The EEOC's backup argument is that for policy reasons, Lorance should be limited to challenges to facially neutral seniority systems under Title VII. According to the EEOC, the Supreme Court in Lorance stressed that Title VII accords seniority systems "special treatment." See Lorance, 490 U.S. at 911, 109 S.Ct. at 2268-69 (citing Trans World Airlines, Inc. v. Hardison, 432 U.S. 63, 81, 97 S.Ct. 2264, 2275, 53 L.Ed.2d 113 (1977)). This is so because employees "work--perhaps for many years--in reliance upon the validity of a facially lawful seniority system." Id. at 912, 109 S.Ct. at 2269. If plaintiffs may challenge a facially neutral seniority system long after the system's adoption, they may disrupt the "settled (and worked for) expectations" of their fellow employees who had been relying on the facially neutral system for all that time. See id.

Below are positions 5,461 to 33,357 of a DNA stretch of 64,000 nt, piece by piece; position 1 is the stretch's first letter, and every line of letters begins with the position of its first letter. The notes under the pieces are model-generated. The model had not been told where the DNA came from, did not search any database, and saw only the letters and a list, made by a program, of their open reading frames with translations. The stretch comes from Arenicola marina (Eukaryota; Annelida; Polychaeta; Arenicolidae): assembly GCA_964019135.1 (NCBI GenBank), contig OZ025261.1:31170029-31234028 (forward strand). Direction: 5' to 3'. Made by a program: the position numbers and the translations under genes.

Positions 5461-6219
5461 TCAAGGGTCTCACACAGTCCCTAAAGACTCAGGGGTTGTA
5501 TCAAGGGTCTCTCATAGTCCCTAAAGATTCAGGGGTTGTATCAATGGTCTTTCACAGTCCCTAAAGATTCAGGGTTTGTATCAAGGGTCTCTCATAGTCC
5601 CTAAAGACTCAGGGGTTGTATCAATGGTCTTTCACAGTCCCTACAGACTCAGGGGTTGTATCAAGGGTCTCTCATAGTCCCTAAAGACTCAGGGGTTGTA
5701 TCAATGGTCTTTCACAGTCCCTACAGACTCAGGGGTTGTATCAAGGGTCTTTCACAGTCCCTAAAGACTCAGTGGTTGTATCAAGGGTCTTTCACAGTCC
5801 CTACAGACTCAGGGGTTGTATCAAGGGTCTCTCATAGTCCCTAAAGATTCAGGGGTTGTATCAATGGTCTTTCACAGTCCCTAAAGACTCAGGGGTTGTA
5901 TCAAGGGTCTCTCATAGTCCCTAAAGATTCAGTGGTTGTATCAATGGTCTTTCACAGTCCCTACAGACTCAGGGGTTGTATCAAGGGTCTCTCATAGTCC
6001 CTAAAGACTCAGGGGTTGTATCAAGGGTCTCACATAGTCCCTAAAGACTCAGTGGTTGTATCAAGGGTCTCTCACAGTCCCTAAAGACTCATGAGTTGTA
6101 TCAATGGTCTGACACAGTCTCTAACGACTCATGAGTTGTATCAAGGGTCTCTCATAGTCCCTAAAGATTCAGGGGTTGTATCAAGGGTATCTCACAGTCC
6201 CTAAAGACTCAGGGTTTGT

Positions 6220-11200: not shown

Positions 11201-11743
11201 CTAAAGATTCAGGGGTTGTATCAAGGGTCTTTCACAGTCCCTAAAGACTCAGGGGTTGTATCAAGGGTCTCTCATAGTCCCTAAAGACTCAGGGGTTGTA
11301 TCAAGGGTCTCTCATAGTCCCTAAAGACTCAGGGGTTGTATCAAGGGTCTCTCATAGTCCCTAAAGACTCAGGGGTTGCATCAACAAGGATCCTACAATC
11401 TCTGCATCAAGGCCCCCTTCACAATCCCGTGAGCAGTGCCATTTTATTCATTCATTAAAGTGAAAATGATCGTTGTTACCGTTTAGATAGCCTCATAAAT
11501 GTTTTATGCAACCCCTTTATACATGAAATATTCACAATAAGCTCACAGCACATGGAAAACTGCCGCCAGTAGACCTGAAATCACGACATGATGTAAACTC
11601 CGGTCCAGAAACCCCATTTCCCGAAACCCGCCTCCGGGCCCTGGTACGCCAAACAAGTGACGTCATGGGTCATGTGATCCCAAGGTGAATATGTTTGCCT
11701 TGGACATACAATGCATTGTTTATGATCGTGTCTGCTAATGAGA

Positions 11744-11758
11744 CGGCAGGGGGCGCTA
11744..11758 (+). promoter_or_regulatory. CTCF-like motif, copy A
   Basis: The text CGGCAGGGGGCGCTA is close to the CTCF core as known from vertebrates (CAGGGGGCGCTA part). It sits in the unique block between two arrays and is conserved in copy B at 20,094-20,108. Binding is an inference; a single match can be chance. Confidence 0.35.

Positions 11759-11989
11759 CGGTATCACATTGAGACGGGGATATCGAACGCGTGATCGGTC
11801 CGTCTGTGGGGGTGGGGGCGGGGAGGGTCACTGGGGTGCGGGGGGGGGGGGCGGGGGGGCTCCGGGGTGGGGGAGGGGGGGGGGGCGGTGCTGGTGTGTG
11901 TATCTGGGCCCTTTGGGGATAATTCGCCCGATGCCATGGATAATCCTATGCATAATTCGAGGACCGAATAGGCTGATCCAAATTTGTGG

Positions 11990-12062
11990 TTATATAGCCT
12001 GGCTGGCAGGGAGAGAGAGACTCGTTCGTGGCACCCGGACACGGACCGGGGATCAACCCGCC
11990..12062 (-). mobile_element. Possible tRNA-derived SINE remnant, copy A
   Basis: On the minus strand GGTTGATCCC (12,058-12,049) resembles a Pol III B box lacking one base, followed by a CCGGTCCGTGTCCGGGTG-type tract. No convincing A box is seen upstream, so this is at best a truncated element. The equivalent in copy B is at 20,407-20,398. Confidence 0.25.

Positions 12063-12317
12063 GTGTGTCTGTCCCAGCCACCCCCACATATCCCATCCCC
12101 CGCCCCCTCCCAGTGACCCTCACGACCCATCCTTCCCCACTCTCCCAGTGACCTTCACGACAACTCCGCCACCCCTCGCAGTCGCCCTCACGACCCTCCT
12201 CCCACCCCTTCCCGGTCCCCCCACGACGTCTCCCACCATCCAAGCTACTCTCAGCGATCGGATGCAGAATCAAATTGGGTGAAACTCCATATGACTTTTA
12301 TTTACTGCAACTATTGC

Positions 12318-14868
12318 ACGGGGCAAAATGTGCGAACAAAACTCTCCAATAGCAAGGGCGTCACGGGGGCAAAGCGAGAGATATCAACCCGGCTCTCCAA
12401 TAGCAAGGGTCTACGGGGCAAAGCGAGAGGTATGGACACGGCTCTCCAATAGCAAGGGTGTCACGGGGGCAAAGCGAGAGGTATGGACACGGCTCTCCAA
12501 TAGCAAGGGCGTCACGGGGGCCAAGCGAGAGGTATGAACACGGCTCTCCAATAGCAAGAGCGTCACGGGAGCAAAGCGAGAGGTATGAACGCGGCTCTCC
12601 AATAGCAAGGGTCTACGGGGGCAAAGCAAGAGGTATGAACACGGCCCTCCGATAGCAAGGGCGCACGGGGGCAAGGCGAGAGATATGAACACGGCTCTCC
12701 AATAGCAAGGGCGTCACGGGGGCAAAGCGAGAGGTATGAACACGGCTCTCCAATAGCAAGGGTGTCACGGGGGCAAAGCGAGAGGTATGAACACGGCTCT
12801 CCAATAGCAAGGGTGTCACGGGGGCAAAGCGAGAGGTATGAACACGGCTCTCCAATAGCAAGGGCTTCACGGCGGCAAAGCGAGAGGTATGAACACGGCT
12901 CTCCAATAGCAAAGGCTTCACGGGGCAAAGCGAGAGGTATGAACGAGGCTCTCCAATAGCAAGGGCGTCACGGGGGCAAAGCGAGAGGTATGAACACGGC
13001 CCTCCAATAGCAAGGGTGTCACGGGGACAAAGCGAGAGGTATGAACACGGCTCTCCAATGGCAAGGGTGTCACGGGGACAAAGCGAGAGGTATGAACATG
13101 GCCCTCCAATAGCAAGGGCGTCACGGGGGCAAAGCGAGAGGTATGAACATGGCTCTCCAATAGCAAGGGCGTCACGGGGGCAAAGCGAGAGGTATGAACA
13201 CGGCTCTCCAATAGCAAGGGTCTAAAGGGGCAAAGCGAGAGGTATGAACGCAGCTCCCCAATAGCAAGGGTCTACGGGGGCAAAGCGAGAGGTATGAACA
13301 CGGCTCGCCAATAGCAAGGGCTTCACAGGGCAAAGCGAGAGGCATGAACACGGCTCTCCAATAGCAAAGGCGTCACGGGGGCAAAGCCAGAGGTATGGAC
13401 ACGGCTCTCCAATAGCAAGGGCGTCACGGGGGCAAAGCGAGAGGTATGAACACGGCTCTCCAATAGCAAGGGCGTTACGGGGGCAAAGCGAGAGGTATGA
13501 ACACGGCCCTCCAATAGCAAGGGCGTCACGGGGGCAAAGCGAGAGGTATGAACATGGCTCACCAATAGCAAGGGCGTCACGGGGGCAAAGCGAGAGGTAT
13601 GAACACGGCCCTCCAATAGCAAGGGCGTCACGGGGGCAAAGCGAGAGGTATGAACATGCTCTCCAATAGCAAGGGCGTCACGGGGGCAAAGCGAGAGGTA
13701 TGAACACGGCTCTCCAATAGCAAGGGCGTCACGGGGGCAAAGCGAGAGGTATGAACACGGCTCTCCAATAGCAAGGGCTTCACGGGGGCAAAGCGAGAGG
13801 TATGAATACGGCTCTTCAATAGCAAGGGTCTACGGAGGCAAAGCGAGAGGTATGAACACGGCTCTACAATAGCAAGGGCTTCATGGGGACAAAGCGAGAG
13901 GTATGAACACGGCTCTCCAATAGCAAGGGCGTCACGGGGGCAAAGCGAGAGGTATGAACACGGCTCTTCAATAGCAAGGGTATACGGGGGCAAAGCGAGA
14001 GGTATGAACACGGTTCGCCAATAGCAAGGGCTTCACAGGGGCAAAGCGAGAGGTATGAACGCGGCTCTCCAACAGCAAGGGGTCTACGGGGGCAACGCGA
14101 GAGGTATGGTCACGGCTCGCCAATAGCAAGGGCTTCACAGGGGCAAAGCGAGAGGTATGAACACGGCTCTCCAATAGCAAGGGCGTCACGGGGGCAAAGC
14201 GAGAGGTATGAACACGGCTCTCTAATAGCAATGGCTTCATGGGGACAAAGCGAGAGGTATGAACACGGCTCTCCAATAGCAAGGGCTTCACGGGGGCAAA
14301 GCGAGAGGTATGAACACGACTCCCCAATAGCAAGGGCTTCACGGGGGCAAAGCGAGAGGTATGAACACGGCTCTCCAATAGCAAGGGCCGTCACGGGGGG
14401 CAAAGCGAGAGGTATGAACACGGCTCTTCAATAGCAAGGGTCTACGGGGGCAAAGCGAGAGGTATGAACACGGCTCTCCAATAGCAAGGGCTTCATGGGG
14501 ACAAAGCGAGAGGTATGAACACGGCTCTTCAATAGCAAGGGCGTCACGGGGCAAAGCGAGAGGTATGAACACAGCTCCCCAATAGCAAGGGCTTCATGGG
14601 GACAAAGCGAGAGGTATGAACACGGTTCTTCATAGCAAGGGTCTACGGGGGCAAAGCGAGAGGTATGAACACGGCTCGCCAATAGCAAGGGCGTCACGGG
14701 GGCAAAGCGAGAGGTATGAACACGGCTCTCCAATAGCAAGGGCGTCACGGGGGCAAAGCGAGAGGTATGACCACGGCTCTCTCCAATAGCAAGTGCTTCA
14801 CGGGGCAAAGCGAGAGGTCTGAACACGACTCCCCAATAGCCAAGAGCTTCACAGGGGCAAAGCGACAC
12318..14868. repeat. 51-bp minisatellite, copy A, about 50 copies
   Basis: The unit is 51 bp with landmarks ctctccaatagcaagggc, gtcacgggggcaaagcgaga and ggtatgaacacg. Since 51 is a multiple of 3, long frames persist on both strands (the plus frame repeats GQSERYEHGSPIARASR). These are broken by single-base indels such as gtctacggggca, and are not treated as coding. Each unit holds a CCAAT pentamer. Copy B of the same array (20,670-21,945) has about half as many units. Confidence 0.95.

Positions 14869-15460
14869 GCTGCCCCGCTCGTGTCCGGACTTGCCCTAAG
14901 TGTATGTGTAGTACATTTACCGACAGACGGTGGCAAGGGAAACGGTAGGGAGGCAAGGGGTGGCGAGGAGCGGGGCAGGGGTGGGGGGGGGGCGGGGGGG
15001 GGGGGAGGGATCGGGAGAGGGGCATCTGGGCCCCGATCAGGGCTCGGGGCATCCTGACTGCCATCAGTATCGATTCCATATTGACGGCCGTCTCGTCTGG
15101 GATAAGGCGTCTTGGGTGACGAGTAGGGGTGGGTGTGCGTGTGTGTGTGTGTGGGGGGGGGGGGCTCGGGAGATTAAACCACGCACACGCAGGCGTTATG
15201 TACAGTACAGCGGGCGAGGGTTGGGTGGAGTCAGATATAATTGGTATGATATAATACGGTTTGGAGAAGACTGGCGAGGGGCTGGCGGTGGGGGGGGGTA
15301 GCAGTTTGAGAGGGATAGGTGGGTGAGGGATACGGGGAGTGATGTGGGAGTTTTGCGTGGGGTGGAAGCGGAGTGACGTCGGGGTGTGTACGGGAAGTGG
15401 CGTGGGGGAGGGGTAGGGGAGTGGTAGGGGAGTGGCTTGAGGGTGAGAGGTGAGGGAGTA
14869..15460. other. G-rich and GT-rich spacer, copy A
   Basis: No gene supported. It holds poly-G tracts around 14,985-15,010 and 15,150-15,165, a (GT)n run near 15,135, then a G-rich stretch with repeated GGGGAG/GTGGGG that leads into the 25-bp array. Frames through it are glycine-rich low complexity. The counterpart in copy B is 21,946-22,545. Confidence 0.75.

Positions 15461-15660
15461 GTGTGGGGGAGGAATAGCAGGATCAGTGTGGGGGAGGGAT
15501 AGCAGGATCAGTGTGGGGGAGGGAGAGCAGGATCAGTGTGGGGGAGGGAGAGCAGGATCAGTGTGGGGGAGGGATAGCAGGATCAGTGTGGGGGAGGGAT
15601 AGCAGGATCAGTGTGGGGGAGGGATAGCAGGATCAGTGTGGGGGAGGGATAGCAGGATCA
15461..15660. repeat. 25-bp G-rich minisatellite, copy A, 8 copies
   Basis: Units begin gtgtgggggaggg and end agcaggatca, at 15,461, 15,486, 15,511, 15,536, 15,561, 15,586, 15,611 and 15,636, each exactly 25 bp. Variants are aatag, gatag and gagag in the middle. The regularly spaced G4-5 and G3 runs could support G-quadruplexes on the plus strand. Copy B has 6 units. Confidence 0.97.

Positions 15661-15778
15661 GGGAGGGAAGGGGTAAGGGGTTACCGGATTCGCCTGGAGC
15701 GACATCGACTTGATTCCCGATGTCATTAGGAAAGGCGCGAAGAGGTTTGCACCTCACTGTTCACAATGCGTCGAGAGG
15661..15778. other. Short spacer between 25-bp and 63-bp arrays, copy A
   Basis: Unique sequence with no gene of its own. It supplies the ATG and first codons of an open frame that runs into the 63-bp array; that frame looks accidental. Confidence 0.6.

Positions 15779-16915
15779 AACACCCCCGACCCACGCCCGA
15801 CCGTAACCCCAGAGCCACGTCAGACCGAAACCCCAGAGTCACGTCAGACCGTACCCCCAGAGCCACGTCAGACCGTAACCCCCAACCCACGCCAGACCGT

We have suggested that Lorance may have been "special," its result depending more on the "importance that workers attach to the stability of their seniority rights" than the application of limitations law principles. Davidson v. Board of Governors, 920 F.2d 441, 443 (7th Cir.1990); Webb v. Indiana National Bank, 931 F.2d 434, 438 (7th Cir.1991). But we have never actually held that Lorance should be limited to Title VII suits challenging seniority systems and we refuse to do so now. For one thing, just as Title VII accords seniority systems special treatment, the ADEA as interpreted in Betts accords employee benefit plans similar special treatment. And workers also rely on the validity of early retirement programs, just as they rely on the validity of seniority systems. Early retirement is a valued contractual right, something many employees work for and look forward to. A suit challenging an early retirement system could result--as this suit did--in an employer's decision to scuttle its early retirement plan rather than face more litigation and greater potential liability. This would deprive long-term employees of a valuable benefit they had every right to expect to receive.